Keeping staff interested and happy in their work is the key to productivity, writes leadership specialist Karen Gately.
Engagement put simply is the extent to which people feel connected with and committed to their job, team and organisation. Being connected is most clearly reflected in the emotional ownership people feel; in other words how much they really care about achieving their own objectives as well as the success of the team.
The ultimate indication of disengagement is the decisions people make to leave their job. While some people will stay in a role they’re not happy in, most will eventually choose to look for a new and better opportunity elsewhere. Of course some people leave feeling satisfied with their employment experience but the reality is many don’t. Inspiring people to build a career rather than simply do a job is an important challenge for legal firms.
Most people move on because they are looking for something they don’t have or can’t get where they are. Whether it be to find a more interesting or challenging job, more money, greater work–life balance, or a healthier workplace culture, the reasons people choose to leave are many and varied.
How to spot disengagement
The five most common signs of disengaged staff include:
1) Absenteeism – high rates of frequent and unplanned leave. Most people find it much harder to get out of bed and go to work when they are dreading what’s waiting for them when they get there.
2) Lack of discretionary effort – what people do because they want to, not because they feel obligated to. Disengaged people typically do only what they have to do to keep their job. Some deliberately limit their contribution in silent protest of their unhappiness.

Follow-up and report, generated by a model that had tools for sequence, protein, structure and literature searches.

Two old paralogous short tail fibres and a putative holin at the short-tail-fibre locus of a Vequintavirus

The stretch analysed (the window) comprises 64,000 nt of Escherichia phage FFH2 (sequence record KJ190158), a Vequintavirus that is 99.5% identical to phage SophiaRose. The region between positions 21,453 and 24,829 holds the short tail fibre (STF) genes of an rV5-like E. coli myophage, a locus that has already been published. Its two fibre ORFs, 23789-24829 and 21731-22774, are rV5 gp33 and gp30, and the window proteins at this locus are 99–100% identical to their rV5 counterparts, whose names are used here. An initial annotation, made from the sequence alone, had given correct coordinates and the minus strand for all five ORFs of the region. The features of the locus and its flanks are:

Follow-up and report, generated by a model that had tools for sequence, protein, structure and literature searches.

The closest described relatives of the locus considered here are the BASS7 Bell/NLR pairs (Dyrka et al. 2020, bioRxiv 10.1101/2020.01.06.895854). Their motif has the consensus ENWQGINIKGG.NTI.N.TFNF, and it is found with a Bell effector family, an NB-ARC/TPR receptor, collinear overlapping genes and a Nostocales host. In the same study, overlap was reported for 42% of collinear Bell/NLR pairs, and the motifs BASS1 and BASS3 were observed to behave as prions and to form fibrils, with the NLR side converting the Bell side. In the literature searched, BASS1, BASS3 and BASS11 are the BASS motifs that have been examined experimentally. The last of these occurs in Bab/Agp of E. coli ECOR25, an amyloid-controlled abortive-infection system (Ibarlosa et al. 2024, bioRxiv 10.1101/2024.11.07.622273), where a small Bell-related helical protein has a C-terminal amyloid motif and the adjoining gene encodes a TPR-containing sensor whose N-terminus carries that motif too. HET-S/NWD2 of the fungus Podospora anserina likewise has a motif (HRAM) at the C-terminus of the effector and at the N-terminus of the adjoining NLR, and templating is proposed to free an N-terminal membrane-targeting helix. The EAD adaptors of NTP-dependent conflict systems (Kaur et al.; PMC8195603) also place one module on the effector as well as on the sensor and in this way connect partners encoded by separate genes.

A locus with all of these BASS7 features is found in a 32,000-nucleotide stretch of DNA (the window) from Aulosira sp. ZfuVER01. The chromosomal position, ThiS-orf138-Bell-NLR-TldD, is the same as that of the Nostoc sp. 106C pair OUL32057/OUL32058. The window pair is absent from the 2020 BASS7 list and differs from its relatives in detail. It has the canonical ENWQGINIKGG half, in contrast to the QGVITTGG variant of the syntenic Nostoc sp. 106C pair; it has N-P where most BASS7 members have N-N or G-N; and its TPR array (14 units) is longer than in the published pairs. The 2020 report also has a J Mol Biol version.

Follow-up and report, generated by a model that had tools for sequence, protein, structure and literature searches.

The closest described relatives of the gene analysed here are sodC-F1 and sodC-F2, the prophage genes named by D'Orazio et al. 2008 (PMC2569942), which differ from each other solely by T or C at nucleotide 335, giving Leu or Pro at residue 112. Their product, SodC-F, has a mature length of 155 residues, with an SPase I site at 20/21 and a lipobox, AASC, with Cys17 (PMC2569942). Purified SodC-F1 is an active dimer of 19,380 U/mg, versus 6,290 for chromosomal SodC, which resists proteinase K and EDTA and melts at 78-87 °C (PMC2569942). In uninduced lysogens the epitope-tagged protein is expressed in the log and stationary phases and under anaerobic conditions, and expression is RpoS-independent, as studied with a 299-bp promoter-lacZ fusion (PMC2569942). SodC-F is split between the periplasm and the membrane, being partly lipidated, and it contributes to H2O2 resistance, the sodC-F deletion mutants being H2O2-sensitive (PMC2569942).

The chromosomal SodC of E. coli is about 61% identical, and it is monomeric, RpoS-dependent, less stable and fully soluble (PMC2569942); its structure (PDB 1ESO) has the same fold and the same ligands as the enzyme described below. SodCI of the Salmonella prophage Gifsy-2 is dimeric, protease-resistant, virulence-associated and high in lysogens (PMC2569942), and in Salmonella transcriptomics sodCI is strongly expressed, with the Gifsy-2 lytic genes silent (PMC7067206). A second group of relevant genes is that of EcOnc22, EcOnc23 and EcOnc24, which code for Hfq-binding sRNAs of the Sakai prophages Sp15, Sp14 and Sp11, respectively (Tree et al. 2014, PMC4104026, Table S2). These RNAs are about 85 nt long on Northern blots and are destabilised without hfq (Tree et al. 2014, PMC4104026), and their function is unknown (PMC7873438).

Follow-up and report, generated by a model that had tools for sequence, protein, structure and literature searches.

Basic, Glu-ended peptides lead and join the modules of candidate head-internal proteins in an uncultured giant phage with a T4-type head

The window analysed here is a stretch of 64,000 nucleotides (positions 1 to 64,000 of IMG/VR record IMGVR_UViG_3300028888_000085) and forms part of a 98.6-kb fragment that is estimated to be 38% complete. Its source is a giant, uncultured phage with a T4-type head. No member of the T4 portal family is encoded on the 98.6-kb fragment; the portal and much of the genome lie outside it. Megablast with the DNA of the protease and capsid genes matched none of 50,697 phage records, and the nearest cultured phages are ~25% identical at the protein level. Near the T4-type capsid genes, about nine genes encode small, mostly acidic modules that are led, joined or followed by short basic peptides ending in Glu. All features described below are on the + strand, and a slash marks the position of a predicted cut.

3) Absence of teamwork – people who are disengaged will often fail to work well with other people. Those who are engaged will often find their disengaged colleagues frustrating and a roadblock to success. The potential for these frustrations to escalate to conflicts is very high.
4) Sub-optimal productivity – simply focusing on the task at hand, let alone driving to achieve optimal results, is a challenge for disengaged staff. While they struggle to find energy and focus, their job is not getting done.
5) Poor quality work – errors, overlooked priorities and missed deadlines are just a few examples of the impacts disengagement has on the standard of performance achieved.
Common causes of disengagement in the legal profession
While a legal firm will often have different challenges engaging their staff to a corporate legal department, common to both are two key factors:
Demanding workloads, long hours and uncompromising deadlines. Maintaining a healthy balance between work and life is challenging. Our clients within the legal profession tell us this especially becomes an issue when the reasonableness of the manager’s expectations is questioned in the employee’s mind. When people lose trust and run out of energy they typically disengage.
Often leaders have a heavy individual workload to manage. Typically this leads to inadequate focus on the essentials of people management – providing clarity, coaching and accountability.